The IAEA may not have the necessary political mechanisms to resolve nuclear problems such as those in Iran.As the organization works mainly with the U.N. Security Council, it would be subject to the political void between the United Nations and the state. Thus far both NGOs and strategic forces have filled this regulatory void in the state system to the tune of ineffective resolutions via the U.N. Security Council or military interventions. And with myriad NGOs carrying intra-state responsibilities, is it any wonder military direction instead of open rationale between states on global concerns such as nuclear technology and defense predominates? This apparently is the framework of rationale that the IAEA has relied on since its inception. Indeed the IAEA has only two regional offices, Canada and Japan. Yet the Middle East and the Americas are two regions with a causal link to some of the chief security problems engendering nuclear technology. The translation of Middle Eastern oil into Middle Eastern weapons via U.S. defense industries has rendered the world's foremost nuclear power one of the largest emitters of CO2, and the Middle East a hot bed of warfare and nuclear defense problems.
The United States and Iran couldn't be clearer on the problematic rationale a political void between the United Nations and the state produces. Mistrust and power struggles have remained rife for decades. The rationale has been defensive all around. Political analyst David Szydloski points to current U.S. policy as laying the groundwork for yet another invasion over yet another nuclear quandary in the Middle East. However, the IAEA report predicating such policy points to continued diplomacy, noting Iran is "carrying on scattered research activities that do not amount to a full-fledged restart of an integrated weapons program." Right or wrong, the push to fight fire with fire rather than causally resolve the issue through progressive regulative authority is a structural failing of the state system reflecting a lack of regional rationale.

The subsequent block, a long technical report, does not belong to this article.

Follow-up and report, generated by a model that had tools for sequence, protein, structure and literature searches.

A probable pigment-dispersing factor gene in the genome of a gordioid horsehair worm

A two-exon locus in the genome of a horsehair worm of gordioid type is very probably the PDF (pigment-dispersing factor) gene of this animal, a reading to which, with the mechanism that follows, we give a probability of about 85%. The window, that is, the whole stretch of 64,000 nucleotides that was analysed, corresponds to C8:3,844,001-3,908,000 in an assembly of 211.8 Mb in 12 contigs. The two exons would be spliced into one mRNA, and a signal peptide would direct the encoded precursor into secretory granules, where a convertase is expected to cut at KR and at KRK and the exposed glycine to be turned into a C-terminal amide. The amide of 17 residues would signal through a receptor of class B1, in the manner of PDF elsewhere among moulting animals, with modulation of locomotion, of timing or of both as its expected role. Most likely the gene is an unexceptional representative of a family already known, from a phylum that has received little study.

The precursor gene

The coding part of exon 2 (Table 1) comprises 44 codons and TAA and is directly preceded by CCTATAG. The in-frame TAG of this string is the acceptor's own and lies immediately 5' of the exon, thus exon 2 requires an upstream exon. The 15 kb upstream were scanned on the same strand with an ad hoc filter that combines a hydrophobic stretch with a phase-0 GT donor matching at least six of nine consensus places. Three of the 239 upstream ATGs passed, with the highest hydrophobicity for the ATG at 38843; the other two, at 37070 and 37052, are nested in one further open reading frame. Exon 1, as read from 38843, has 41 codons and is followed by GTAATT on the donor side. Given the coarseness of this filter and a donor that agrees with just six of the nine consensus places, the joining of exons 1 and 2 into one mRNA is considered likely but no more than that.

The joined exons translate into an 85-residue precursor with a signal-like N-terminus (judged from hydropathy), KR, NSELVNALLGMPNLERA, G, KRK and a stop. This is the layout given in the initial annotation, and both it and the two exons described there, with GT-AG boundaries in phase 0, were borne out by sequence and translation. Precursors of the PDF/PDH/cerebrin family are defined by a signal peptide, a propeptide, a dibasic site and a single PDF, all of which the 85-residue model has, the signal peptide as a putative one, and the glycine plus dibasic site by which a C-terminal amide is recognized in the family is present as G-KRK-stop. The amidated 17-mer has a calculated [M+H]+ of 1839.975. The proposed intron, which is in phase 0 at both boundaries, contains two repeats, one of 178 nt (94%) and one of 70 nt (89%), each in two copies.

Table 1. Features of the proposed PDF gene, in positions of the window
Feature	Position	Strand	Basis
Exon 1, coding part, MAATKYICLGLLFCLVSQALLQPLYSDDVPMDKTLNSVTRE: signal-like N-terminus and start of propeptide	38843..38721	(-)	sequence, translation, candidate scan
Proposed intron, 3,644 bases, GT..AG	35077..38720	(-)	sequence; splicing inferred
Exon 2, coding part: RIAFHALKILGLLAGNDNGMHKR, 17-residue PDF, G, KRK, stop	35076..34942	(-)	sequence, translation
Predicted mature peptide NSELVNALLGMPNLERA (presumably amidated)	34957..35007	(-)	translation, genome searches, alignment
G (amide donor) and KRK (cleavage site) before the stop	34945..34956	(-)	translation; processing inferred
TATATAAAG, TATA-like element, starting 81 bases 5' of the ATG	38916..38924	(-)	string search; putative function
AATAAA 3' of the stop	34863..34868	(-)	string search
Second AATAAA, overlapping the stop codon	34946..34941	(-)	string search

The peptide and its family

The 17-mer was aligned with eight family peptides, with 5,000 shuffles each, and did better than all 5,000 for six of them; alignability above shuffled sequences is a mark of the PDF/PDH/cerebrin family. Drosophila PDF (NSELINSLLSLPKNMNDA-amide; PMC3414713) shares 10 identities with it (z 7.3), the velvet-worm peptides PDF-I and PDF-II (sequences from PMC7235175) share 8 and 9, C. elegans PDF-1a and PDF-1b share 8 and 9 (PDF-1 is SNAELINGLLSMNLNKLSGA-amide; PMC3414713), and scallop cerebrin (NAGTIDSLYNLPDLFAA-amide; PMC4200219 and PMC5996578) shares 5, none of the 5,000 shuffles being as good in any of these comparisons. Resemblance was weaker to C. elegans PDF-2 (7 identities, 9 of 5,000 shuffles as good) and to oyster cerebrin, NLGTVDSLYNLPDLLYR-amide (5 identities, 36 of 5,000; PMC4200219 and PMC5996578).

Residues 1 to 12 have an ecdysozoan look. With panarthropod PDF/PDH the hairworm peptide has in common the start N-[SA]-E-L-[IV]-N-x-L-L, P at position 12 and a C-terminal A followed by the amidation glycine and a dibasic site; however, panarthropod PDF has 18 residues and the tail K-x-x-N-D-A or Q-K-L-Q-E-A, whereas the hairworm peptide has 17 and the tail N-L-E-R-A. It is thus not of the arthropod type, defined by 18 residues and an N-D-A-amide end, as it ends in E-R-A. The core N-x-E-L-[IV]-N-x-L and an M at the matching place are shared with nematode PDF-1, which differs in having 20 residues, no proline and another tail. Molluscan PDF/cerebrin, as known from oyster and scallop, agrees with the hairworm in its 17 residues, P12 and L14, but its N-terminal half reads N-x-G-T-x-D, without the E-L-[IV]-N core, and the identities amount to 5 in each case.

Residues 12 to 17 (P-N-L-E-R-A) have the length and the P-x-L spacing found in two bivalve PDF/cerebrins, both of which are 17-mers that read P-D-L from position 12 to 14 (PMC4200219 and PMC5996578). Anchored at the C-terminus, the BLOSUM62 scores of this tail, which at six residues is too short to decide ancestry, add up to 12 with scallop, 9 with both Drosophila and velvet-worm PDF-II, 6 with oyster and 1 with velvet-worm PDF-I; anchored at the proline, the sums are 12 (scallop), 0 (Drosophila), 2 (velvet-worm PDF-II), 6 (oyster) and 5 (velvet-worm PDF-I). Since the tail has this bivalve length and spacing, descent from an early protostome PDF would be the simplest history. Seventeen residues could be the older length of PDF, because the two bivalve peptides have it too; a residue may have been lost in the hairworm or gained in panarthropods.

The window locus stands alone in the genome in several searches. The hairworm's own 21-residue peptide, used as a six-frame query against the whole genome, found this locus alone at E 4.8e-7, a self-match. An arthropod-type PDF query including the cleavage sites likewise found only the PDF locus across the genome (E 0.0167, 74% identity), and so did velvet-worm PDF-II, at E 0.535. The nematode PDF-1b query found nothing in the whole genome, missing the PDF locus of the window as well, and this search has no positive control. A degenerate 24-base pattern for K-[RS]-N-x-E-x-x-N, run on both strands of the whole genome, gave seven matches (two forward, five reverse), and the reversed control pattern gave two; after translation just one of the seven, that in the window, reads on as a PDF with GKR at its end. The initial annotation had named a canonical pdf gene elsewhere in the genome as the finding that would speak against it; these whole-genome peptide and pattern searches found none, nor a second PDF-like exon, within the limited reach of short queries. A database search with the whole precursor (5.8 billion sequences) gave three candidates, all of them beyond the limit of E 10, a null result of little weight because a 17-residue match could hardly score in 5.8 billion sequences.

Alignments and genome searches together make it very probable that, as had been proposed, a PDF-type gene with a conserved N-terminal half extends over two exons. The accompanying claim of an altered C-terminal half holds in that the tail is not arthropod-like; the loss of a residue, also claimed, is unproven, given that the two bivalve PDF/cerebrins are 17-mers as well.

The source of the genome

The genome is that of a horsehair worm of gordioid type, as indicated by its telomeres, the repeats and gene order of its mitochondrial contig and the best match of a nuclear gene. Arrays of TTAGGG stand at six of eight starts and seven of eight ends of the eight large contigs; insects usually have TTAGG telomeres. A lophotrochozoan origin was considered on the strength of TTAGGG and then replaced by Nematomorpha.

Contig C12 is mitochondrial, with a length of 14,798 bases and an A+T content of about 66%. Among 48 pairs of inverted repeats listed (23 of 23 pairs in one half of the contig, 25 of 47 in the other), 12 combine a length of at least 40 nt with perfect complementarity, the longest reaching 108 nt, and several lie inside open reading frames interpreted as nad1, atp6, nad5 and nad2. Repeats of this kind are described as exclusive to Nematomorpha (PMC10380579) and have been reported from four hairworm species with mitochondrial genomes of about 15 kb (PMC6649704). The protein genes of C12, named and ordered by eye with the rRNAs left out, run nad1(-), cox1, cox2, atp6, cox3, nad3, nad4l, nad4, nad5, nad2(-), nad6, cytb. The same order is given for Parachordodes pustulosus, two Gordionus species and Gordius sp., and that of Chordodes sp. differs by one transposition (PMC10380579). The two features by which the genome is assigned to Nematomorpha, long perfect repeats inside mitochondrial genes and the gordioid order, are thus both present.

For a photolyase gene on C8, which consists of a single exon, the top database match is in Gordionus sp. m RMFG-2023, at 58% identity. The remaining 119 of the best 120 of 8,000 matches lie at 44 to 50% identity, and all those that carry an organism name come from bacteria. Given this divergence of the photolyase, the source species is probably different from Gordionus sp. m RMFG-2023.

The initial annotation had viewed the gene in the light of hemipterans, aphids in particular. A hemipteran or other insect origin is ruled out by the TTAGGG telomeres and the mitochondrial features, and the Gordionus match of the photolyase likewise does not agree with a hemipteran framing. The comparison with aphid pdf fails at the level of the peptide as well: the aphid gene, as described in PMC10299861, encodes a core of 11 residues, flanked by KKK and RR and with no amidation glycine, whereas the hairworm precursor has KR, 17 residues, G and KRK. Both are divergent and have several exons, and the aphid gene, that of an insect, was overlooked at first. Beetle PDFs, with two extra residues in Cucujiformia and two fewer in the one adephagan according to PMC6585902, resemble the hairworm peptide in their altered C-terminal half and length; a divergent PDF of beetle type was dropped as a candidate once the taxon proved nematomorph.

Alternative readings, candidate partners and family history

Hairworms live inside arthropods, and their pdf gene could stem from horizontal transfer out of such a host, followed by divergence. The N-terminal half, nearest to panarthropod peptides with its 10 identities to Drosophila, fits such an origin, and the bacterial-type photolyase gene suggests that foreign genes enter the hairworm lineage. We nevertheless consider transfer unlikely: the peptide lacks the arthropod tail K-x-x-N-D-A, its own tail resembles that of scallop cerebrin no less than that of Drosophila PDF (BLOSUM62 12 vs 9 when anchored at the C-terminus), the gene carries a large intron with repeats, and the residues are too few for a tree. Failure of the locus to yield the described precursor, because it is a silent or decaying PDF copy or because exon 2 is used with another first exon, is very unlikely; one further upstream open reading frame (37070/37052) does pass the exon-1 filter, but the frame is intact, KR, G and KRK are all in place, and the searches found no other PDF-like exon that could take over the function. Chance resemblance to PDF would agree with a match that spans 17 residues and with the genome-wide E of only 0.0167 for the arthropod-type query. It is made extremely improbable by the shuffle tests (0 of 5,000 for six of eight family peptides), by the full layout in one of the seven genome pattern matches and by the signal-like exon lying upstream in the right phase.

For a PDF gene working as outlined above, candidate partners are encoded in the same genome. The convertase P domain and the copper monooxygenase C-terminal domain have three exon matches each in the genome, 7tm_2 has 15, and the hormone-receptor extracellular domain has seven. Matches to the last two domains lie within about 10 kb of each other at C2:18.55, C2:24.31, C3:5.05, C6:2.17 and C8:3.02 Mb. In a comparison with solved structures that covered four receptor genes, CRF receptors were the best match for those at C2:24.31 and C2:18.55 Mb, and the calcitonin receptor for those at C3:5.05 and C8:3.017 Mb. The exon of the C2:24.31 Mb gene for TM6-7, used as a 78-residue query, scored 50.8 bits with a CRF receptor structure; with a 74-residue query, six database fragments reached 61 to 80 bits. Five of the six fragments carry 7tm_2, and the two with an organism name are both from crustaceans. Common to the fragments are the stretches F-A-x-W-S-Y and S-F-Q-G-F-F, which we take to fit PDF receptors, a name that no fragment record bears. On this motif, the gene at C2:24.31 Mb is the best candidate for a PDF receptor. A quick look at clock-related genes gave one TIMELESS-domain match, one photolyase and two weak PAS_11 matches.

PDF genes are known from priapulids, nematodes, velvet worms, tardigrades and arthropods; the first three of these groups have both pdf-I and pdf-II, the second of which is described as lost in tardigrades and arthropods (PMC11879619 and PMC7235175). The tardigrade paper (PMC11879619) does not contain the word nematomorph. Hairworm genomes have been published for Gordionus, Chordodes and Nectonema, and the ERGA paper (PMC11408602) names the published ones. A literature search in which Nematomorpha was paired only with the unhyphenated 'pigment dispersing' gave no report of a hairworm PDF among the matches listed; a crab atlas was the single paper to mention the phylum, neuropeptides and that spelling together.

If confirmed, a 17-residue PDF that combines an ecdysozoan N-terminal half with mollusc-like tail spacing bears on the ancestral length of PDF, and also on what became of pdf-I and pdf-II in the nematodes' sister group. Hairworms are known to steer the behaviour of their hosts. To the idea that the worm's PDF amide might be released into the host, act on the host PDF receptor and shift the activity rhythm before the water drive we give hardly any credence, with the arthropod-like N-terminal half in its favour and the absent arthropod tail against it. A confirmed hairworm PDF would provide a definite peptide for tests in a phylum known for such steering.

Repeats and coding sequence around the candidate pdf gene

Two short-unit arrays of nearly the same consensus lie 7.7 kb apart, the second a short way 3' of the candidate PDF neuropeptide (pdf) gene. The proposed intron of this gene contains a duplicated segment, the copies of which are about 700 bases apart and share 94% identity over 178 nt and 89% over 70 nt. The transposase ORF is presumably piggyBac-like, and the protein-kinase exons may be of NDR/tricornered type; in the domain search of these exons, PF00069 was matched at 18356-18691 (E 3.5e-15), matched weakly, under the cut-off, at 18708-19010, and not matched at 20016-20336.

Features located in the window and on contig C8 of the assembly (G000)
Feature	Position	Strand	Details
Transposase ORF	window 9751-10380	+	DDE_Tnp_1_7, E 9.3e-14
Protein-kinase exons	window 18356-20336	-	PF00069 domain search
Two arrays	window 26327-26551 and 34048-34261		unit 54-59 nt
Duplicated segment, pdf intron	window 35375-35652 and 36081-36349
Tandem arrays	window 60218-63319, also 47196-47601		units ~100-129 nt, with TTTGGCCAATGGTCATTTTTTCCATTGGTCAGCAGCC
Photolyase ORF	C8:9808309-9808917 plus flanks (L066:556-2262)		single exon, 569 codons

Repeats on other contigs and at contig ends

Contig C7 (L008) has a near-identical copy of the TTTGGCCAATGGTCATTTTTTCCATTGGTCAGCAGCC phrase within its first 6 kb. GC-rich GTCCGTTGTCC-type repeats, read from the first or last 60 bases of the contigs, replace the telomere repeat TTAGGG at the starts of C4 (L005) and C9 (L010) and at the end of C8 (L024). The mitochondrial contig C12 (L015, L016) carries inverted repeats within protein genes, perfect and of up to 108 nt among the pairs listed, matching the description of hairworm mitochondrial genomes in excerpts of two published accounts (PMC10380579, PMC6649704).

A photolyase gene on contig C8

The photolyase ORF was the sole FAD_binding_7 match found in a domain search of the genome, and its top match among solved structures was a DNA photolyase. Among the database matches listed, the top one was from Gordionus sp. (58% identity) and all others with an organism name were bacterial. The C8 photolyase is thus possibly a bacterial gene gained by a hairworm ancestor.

Progressive rationale or strategic uncertainty
"I don't think the administration knows what Israel is going to do. I'm not sure Israel knows what Israel is going to do ... that's why they want to keep the other guys guessing. Keep the bad guys guessing," said U.S. Democrat Senator Carl Levin, chairman of the Senate Armed Services Committee. Senator John McCain agreed: "I'm sure [administration officials] don't know what the Israelis are going to do. They didn't know when the Israelis hit the reactor in Syria. But the Israelis usually know what we're going to do." Relying on drones to clarify facts on the ground hasn't filled the gaps in U.S. knowledge about Israeli leaders' thinking, let alone resolved Iran's nuclear intentions. Far from it.
Iran's leaders simply see the drone as evidence of American hostility compounding decades of mistrust and false assumptions. Since the shah's downfall last century, nothing the United States, United Nations nor the IAEA has done seems to have alleviated concerns by Iran towards the West. As Stratfor Intelligence notes, "At the moment … not just between Washington and Tehran but also between Washington and Moscow—and factoring in the Israeli wild card—the risks of miscalculation on all sides are very high."
Even so, Iran wants to cooperate with the IAEA. "It is possible for Iran and the IAEA to resolve all remaining issues according to the Work Plan on "Understanding of the Islamic Republic of Iran and the Agency on the Modalities of Resolution of the Outstanding Issues," notes Dr. Ali Omidi, associate professor of international relations in Isfahan University Iran. He further notes that constructive dialogue is the only way for a causal resolve to Iran's nuclear issue. Likewise Pentagon Press Secretary George Little says, "The U.S. believes that the Iranian regime should devote its energy and resources to establishing friendly relations with countries in the Gulf region." Can the IAEA develop the framework of rationale accordingly?
Acting within a systemic framework allows all states to contribute positively to a mutually desired goal. Addressing security issues within a geopolitical framework can lead to developing nuclear technology for advanced forms of energy. Together states can ameliorate the transition from a global dependency on fossil fuels to more advanced cleaner energy forms. Most importantly, reasoning state security according to global realities transcends the defensive rationale between states and reduces the burgeoning military industry on all for a generally sustainable future.